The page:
Have you considered VAT implications on labour accommodation yet?

Gaurav ShivhareGaurav Shivhare    11 May 2020
Have you considered VAT implications on labour accommodation yet?

Have you considered VAT implications on labour accommodation yet?

VAT implication on labour accommodation has always remained a debatable topic. The impact of VAT on labour accommodation is not as simple as it seems. Thus, overlooking the same may have serious consequences.

Moreover, Companies (employers) are generally not aware or they have not considered any VAT implications on labour accommodation provided. In this Article, I have covered possible VAT implications on labour accommodation provided by the employers and what one should examine/ analyze before finalizing the tax position on it.

Reference is drawn to the Real Estate VAT Guide | VATGRE1 issued by the FTA which states that :

Supply of accommodation in labour camps

Where an employer houses its staff in a labour camp which qualifies as residential accommodation, or any other type of residential accommodation, the employer must determine whether it is making an exempt supply of the residential building to its staff.

Where the employer charges the employee a form of consideration in exchange for the residential accommodation, this shall be treated as a supply for VAT purposes. The consideration received will either be zero-rated (in respect of the first supply of a residential building) or exempt from VAT. Consideration may be received from an employee in a number of ways, including but not limited to:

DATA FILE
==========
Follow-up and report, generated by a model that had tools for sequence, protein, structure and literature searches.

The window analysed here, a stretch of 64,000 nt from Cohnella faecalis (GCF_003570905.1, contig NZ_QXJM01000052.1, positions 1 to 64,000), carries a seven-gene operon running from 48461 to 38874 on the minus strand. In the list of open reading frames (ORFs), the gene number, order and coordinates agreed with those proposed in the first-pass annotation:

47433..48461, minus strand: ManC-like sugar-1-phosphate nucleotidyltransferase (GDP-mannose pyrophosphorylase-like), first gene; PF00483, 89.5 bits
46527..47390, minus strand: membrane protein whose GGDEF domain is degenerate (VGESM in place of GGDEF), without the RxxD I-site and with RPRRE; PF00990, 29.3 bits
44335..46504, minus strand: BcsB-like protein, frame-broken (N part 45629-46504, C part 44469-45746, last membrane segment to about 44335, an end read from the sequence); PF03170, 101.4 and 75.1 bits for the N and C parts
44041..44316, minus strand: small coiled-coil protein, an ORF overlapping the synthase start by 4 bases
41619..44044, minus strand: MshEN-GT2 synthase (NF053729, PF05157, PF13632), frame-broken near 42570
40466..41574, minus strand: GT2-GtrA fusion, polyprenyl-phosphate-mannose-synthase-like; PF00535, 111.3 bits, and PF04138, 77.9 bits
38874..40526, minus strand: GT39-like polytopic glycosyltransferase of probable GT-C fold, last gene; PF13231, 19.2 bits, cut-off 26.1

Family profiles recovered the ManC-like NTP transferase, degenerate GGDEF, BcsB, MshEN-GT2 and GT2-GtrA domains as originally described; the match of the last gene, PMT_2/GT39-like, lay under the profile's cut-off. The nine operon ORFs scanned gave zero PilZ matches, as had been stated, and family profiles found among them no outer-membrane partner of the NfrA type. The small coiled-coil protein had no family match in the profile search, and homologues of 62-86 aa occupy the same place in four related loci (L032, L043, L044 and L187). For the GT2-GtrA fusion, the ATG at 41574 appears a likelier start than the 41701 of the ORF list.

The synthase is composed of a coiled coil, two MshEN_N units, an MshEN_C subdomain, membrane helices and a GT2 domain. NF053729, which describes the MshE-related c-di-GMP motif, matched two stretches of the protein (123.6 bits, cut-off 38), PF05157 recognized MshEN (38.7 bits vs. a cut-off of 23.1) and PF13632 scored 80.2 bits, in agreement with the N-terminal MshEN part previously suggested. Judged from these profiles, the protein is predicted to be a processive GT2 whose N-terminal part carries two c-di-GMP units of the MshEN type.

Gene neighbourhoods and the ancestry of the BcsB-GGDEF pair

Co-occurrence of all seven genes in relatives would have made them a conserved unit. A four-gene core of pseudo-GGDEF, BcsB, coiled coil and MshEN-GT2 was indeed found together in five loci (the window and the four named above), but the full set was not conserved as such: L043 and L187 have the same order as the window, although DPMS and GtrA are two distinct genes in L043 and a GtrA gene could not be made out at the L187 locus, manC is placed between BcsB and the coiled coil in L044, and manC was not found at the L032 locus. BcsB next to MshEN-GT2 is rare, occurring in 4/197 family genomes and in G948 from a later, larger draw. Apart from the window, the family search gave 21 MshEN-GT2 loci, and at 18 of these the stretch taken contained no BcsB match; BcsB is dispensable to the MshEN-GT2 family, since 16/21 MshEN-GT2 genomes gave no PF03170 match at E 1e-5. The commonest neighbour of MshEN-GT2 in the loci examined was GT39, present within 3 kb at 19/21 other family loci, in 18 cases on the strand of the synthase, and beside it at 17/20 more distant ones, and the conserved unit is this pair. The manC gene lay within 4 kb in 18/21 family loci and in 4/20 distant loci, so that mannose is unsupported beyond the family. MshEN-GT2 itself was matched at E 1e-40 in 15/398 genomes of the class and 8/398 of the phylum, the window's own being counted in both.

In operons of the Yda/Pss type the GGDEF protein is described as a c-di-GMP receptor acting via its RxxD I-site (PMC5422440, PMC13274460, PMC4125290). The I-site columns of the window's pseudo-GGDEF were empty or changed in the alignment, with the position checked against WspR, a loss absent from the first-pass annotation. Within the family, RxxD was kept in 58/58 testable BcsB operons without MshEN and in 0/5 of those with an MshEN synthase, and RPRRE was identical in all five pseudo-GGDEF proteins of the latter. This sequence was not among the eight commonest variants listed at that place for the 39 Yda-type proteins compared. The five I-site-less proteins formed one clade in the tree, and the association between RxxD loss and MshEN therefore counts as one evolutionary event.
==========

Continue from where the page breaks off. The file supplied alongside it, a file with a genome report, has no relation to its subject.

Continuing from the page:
• A direct charge made to the employee for the accommodation;
  • A deduction from the employee’s salary in respect of the accommodation; and
  • Provision of accommodation in lieu of the payment of a housing allowance to the employee.

Any costs which directly relate to the provision of that residential accommodation to the employee, for example agent’s fees, shall normally be treated as relating to an exempt supply and shall not be recoverable.

Where the employer does not make a charge to the employee for the provision of residential accommodation, it is not making a supply for VAT purposes. In such cases, any VAT incurred on costs relating to the provision of the residential accommodation may be recovered as a general overhead cost of the business.

Based on the above guidelines, below are general checkpoints that employers need to identify before finalizing tax position on labour accommodation –

1. Identify whether accommodation provided is a serviced accommodation (accommodation wherein additional services are provided such as telephone access, laundry services, catering, etc.) or a residential accommodation (accommodation wherein normal services are included such as security, utilities, etc.)

2. If labour accommodation is identified as residential accommodation,

i. Staff accommodation provided against which either there is a separate charge made to employee or there is a salary deduction: - As stated in the above guideline, such residential accommodation would be treated as exempt supply for the purpose of VAT. Employers should ensure that salary deduction/ separate charge is appropriately disclosed as exempt supply in the VAT return and any input tax towards exempt supply is not recovered.

ii. Staff accommodation provided instead of paying housing allowance (‘HRA’) to employee: - This is the most important aspect which needs detailed analysis from VAT perspective.

  • Firstly, it is not prescribed which document is required to be referred for determining whether accommodation is provided instead of HRA. Whether Company’s internal job offer/ employment contract needs to be considered or employment contract registered with Ministry of Human Resources & Emiratisation (‘HR Ministry’) is required to be considered.
  • Moreover, in most of the employment contracts registered with HR Ministry, the word ‘First Party’ is stated against Housing Allowance. Does it mean that Company has provided accommodation instead of paying HRA?